Schumer opted for modest rules reform after pushback from moderates
Senate Majority Leader Charles Schumer (D-N.Y.) decided to push a narrow change to the Senate’s filibuster rule after moderate Democratic colleagues pushed back on a broader rules change that would have fundamentally weakened the power of the Republican minority.
Most of the public attention has focused on Sens. Joe Manchin (D-W.Va.) and Kyrsten Sinema (D-Ariz.), who have both said they will not support any party-line effort to weaken the filibuster.
A bid to change the Senate rules to require Republicans to actively hold the floor to block a voting rights bill failed Thursday night after Manchin, Sinema and every Republican senator voted against it.
But other Democratic senators have privately expressed concerns about broadly changing the Senate’s filibuster rule and eroding the ability of the minority party to shape legislation, according to lawmakers familiar with the internal debate.
That’s why Schumer opted for a targeted change to the Senate rules instead of a broader reform demanded by many progressives that would make it easier to pass all sorts of bills.
One Democratic senator familiar with internal caucus discussions said moderate colleagues “are more comfortable with a narrow, targeted approach” to changing the Senate rules.
The lawmakers said colleagues may have been persuaded to support a permanent change to the filibuster rule but expressed clear preference for a targeted change that would apply a talking filibuster requirement only to the voting rights bill now pending on the Senate floor.
The rules change would require Republicans to actively hold the floor with debate — a grueling process — in order to hold up the voting rights bill. But it would apply only to that one bill.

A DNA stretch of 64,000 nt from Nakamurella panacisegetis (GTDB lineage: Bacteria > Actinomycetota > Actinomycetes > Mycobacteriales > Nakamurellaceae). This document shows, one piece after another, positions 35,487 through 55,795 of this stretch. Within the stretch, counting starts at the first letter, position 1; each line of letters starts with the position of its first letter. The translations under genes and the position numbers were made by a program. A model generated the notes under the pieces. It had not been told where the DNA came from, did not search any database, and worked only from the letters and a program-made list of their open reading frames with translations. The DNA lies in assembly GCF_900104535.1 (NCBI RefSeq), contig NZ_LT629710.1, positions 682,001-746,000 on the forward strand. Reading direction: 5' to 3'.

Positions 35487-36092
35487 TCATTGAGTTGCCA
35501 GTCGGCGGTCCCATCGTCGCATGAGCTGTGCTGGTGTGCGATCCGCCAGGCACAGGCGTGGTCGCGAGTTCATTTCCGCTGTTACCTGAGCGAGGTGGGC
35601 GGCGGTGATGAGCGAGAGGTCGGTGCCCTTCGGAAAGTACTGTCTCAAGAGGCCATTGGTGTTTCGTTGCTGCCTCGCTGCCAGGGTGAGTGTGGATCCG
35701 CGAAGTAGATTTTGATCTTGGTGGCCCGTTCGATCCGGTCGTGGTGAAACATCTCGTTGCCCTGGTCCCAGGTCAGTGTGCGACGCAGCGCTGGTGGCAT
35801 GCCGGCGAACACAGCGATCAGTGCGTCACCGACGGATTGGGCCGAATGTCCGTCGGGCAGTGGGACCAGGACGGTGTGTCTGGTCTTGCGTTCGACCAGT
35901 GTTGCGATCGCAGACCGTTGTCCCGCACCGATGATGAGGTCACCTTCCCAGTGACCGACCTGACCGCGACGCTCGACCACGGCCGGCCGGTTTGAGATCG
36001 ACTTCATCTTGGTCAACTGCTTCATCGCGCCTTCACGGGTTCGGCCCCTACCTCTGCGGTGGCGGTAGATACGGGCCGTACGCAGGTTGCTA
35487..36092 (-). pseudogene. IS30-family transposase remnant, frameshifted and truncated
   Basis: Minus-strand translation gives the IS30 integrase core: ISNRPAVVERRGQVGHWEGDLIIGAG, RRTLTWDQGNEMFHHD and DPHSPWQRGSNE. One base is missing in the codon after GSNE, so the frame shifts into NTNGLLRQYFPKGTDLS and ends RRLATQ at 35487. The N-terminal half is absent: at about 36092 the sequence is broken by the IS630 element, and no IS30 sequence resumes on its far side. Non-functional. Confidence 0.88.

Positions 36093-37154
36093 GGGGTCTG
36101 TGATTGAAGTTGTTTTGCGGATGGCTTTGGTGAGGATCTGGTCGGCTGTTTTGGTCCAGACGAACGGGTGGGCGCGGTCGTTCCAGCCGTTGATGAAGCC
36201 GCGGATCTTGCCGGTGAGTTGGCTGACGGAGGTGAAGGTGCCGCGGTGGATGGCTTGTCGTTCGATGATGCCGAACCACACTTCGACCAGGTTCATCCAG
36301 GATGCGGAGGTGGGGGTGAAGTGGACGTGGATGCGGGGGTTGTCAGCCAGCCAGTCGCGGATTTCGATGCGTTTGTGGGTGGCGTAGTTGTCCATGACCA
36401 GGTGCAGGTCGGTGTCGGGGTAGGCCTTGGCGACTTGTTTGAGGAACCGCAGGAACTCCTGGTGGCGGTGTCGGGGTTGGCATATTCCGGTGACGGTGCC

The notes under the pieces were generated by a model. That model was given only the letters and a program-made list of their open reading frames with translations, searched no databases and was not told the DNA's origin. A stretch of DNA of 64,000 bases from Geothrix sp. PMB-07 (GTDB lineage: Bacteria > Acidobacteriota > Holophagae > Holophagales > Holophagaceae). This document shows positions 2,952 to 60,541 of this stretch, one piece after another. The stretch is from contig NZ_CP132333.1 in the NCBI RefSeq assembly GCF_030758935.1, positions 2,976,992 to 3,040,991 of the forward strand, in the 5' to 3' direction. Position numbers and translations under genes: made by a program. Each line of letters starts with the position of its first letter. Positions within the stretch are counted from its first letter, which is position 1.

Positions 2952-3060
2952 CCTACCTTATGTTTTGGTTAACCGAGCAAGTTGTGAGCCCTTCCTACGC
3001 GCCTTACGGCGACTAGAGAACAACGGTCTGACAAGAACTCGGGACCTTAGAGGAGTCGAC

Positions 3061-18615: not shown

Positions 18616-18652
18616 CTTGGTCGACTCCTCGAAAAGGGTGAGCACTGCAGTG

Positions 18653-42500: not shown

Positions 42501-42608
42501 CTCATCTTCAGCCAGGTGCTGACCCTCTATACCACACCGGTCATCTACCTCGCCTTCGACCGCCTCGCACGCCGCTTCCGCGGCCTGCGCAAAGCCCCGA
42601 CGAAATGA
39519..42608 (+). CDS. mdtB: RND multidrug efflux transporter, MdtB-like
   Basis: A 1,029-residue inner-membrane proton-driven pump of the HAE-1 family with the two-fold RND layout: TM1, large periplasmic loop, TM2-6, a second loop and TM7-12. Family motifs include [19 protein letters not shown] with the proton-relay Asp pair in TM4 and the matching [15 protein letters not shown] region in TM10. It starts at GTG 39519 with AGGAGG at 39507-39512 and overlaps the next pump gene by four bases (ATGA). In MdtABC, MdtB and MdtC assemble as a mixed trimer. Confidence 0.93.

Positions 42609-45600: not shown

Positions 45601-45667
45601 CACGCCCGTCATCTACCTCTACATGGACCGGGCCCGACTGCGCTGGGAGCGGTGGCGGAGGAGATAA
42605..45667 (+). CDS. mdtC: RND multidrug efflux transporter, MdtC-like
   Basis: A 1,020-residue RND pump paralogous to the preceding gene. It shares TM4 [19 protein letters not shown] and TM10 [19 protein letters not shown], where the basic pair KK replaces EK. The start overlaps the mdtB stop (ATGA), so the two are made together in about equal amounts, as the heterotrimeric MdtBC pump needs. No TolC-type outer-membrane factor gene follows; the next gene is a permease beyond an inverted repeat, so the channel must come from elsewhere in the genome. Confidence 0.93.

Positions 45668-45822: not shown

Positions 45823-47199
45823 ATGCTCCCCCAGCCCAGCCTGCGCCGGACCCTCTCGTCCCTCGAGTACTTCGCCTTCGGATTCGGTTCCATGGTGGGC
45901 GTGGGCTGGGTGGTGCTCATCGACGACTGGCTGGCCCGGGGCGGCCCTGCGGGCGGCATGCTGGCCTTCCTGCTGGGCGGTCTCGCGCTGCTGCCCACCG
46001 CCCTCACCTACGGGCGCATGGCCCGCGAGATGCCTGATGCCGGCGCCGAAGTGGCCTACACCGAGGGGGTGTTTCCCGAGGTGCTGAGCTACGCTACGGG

Manchin and Sinema aren’t the only Democrats who don’t want to implement a fundamental change to the Senate rules.
Other Democratic senators are leery about undermining the minority party’s power to hold up legislation, though they are willing to support a carveout for voting rights legislation.
Sen. Chris Coons (D-Del.), for example, in 2017 led a bipartisan letter with Sen. Susan Collins (R-Maine) and signed by 61 senators pledging to preserve the 60-vote threshold for passing legislation through the upper chamber.
“We are united in our determination to preserve the ability of members to engage in extended debate when bills are on the floor,” he and the other senators wrote.
Coons on Tuesday said he would accept a rules “change that is as narrow and temporary as possible” in order to pass voting rights legislation, which he hailed as a landmark issue.
He argued that laws passed by Republican-controlled state legislatures to reverse measures to make it easier to vote during the ongoing pandemic had altered the dynamic of the Senate rules debate.
“We must take action to protect the right to vote in this country,” he said. “We should not make the last casualty of this dread pandemic rolling back voting access.”
Sen. Mark Warner (D-Va.), another prominent moderate, has embraced changing the filibuster to protect voting rights but won’t endorse a broader change that would extend the talking filibuster to other legislative priorities.
“I think it ought to be applied to voting right … that’s what I’m prepared to support at this point,” he said when asked whether requiring talking filibusters should be a general Senate rule.